Heritage Category:
Listed Building
List Entry Number:
Date first listed:
Statutory Address:


© Crown Copyright and database right 2021. All rights reserved. Ordnance Survey Licence number 100024900.
© British Crown and SeaZone Solutions Limited 2021. All rights reserved. Licence number 102006.006.
Use of this data is subject to Terms and Conditions.

The above map is for quick reference purposes only and may not be to scale. For a copy of the full scale map, please see the attached PDF - 1152548.pdf

The PDF will be generated from our live systems and may take a few minutes to download depending on how busy our servers are. We apologise for this delay.

This copy shows the entry on 26-Jan-2021 at 16:34:08.


Statutory Address:

The building or site itself may lie within the boundary of more than one authority.

Dorset (Unitary Authority)
Winterborne Kingston
National Grid Reference:
SY 86225 97599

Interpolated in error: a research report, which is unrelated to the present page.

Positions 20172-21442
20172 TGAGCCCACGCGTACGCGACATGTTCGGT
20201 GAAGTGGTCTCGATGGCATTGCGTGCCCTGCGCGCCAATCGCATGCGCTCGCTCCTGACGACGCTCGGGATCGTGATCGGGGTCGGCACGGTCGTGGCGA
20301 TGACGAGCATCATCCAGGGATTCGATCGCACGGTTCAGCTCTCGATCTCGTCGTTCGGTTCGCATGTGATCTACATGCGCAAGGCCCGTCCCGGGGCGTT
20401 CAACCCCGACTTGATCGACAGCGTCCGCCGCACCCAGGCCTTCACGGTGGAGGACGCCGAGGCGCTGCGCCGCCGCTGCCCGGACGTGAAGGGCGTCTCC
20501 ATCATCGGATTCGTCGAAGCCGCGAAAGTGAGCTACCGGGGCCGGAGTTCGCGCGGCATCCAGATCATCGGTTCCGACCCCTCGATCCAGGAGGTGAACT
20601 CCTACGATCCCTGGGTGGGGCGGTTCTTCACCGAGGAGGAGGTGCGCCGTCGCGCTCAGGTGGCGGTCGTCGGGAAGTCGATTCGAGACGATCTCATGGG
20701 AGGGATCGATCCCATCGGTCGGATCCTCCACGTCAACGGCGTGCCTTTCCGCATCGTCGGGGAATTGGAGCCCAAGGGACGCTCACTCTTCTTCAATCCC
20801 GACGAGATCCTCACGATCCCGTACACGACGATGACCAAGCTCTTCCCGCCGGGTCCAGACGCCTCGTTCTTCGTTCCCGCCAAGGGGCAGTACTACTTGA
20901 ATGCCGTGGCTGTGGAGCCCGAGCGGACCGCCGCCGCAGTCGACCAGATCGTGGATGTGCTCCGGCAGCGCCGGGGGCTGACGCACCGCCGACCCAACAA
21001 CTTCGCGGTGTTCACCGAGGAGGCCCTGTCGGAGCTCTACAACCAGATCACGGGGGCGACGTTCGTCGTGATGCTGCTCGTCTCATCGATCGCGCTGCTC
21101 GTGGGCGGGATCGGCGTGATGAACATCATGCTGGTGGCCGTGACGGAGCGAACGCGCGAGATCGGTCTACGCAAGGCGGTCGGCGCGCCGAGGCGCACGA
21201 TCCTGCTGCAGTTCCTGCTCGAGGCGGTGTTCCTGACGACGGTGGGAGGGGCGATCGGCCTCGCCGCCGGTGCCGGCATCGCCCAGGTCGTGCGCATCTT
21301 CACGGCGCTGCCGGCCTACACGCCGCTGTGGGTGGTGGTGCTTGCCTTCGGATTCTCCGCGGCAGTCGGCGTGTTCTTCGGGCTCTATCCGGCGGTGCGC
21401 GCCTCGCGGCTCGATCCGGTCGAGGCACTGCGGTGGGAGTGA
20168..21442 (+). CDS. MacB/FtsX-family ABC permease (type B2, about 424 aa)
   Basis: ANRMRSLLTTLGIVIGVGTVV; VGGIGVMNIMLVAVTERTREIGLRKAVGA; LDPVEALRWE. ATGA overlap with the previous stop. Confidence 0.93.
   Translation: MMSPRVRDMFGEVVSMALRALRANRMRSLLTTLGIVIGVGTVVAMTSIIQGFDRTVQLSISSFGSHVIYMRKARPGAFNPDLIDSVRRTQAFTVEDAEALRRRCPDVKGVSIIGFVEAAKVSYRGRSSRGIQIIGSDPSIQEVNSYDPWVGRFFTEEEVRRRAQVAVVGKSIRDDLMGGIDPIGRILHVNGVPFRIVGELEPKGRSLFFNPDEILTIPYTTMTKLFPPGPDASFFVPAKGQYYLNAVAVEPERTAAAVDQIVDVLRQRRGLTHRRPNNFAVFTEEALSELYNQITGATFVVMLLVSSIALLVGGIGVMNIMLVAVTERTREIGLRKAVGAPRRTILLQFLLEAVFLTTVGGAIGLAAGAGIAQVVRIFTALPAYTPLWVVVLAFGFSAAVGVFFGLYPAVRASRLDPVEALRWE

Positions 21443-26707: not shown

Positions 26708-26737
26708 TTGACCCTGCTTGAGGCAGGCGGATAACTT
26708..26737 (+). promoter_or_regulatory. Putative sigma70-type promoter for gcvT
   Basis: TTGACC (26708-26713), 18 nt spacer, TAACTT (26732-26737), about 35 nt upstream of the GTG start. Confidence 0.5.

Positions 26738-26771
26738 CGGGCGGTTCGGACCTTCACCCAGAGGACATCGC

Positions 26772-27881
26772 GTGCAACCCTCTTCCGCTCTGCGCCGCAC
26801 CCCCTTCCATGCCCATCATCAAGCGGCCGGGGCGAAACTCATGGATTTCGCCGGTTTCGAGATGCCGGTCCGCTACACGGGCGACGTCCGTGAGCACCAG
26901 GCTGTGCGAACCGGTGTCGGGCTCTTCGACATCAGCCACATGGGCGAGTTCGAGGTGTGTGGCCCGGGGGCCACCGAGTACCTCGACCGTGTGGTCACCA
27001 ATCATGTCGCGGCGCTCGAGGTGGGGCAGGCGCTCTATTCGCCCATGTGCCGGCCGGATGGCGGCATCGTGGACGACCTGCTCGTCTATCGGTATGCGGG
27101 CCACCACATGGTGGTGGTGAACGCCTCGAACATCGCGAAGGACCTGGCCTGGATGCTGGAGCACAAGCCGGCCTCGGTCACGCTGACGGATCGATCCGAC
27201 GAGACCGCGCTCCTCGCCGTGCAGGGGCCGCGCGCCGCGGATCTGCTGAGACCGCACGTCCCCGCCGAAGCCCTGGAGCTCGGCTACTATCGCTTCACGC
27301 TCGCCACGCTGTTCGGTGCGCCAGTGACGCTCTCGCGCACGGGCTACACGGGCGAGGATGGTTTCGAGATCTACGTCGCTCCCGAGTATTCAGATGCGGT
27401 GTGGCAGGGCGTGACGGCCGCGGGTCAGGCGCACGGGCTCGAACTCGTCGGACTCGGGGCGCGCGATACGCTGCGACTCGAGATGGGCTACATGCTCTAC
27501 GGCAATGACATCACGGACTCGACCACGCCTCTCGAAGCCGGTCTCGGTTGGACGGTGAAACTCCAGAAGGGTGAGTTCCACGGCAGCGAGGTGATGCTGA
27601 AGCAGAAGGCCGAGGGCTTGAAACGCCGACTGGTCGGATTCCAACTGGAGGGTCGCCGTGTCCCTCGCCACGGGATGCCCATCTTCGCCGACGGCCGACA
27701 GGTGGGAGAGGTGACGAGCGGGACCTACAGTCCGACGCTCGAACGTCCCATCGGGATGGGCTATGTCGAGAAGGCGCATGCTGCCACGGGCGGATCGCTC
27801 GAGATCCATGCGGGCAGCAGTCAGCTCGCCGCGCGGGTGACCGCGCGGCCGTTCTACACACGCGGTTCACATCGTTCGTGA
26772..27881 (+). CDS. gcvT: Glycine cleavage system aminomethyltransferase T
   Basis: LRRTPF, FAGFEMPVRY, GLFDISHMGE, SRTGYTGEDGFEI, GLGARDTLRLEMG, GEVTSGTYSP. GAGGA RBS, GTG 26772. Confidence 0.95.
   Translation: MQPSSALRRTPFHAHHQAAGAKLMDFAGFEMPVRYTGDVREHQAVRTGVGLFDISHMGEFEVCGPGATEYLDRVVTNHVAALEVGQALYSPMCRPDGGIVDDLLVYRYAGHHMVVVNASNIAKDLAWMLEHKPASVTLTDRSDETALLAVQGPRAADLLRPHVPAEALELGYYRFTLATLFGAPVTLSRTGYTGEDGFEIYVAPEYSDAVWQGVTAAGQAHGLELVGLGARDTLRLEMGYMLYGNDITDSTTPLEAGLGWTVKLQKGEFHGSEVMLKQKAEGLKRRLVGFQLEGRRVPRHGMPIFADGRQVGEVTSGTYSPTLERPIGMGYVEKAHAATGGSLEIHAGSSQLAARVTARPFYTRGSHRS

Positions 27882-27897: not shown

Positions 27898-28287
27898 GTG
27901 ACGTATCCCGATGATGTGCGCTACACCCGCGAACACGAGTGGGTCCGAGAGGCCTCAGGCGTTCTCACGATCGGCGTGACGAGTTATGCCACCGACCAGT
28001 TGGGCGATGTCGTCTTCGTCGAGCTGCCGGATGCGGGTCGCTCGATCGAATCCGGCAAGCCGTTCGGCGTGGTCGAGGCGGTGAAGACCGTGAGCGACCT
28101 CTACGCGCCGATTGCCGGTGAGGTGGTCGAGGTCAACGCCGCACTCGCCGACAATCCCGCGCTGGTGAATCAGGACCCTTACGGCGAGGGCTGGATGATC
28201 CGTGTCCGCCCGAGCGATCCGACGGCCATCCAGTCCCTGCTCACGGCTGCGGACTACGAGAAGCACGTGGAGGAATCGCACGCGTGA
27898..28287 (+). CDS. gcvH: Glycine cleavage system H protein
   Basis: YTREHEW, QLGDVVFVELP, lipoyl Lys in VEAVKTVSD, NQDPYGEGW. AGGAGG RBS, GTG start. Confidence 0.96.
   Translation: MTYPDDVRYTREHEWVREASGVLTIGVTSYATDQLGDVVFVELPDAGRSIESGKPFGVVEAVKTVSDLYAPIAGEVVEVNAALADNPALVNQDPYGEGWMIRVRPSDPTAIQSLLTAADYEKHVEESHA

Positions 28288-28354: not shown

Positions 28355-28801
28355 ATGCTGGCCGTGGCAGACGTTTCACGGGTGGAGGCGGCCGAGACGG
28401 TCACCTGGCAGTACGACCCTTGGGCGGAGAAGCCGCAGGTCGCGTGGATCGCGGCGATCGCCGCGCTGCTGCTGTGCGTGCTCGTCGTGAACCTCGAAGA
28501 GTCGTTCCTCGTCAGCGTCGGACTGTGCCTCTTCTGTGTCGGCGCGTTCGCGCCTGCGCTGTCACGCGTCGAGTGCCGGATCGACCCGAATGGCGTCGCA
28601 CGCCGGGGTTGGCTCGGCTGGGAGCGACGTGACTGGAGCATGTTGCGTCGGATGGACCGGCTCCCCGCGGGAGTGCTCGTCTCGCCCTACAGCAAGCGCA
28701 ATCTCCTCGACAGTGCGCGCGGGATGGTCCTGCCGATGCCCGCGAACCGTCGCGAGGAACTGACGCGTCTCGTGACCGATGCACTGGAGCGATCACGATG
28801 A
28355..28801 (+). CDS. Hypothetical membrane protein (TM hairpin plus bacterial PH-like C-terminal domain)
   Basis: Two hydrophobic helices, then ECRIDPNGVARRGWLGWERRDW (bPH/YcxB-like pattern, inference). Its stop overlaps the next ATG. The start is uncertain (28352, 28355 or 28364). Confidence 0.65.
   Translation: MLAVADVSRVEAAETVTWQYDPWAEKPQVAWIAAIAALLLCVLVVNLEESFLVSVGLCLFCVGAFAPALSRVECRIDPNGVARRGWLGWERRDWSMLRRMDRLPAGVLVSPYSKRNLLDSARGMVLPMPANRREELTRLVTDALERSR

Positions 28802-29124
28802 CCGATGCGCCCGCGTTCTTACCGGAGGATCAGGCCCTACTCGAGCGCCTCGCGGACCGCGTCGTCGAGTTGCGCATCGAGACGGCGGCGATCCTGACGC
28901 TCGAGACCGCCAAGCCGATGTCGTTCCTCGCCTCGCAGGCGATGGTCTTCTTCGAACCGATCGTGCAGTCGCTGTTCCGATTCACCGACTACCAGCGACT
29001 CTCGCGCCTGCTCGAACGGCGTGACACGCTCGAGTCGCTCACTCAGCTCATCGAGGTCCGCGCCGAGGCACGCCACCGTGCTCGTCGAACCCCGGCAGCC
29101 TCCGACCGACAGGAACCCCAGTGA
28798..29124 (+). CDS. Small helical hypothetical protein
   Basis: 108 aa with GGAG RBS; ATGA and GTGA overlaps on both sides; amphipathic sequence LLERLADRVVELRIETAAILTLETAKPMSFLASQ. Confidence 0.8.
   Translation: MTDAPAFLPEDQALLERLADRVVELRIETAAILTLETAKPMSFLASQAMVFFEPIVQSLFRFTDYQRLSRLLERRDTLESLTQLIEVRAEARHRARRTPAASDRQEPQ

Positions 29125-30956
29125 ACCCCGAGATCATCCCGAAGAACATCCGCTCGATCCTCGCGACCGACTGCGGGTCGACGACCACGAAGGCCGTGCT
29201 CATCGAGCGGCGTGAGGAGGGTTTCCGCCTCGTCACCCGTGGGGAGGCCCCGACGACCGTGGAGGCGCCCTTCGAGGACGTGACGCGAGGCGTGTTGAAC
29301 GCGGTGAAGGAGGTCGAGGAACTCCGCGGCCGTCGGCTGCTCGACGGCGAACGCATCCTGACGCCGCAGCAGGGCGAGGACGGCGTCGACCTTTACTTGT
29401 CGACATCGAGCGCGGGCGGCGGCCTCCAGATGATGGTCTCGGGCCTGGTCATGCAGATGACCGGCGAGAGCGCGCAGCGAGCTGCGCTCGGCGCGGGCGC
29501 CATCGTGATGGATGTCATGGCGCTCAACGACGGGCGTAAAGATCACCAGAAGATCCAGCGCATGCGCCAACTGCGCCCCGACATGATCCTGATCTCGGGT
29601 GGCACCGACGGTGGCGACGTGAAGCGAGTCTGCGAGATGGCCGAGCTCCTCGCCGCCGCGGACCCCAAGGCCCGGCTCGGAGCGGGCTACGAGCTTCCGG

II* Parish church. C14 with additions and restoration in the 1870s. The west tower, nave, chancel and south porch date largely from the C14, some of the fenestration is C16, and the north aisle and north vestry were added in the late C19. MATERIALS: Built of banded flint and local Heathstone rubble with ashlar dressings and clay tiled roofs. PLAN: Nave of four bays with north aisle and north vestry, chancel, west tower and south porch. EXTERIOR: The west tower was diagonal two-stage buttresses and a moulded string course with embattled parapet above. The west window consists two trefoil-headed lights with a quatrefoil in a two-centred head, whilst the belfry has pointed, Y-tracery windows with reset head corbels above each opening. The south elevation has a projecting porch with a C14 two-centred archway with ovolo and hollow chamfered mouldings and chamfered stops. There is a pair of trefoiled lancets to the left of the porch and two C16 flat-headed, four-light windows to the right. The south wall of the chancel has a C14 window of two trefoil ogee-headed lights with a quatrefoil in a two-centred head and a partly restored C14 doorway with chamfered jambs and a segmental-pointed head. The three-light, pointed east window is C19; to the right of which is a two-light window in the east wall of the vestry. In the north return are two small square windows, and a C19 three-light, cusp-headed window in the east end of the north aisle. The latter is known as the Bond Window and illustrates the lineage of Nathaniel Bond (1840-1910), owner of the Manor of Muston. The C19 work is fenestrated mainly with pairs and triplets of lancets. INTERIOR: The nave has a four bay arcade with pointed arches. The easternmost arch has chamfered responds and dates from the C14, whilst the rest have clustered shafts with moulded capitals and bases and are late C19. The C19 pointed, moulded chancel arch has shaft responds with capitals and bases; whilst the pointed tower arch comprises three chamfered orders dying into the responds. The nave has a C19 arch-braced collared roof with a single wind-braced purlin and the chancel has a C19 ribbed barrel roof. FITTINGS: The tower has seven bells; three of 1600 by John Wallis which are inscribed: "Feare God," "Prayse God," "Love God"; one of 1749 by William Elery; and three of late C20 date. There are a number of good quality fittings including a C14 trefoiled piscina with a round bowl; an early C17 octagonal oak pulpit with moulded panels and a chip-carved frieze; and a stone font in a baluster form with an ogee-moulded bowl. It is dated 1736 on its pedestal and retains its original cover with pineapple finial. Other features are largely C19, including encaustic tiles and an early C19 marble monument. HISTORY: The church is situated towards the centre of Winterborne Kingston and it is dedicated to Saint Nicholas who was Bishop of Myra in Lycia during the fourth century. The church has C14 origins and was restored by the architect G E Street (1824-81) in the 1870s when the vestry and the north aisle were also added. In 1999 the west tower was restored. SOURCES: Royal Commission of Historic Monuments in England, `Dorset: an inventory of historical monuments' (1952) HMSO. London, vol. 2, pt. II, pp 300-301 N. Pevsner and J. Newman, `The Buildings of England - Dorset'(1972), pp481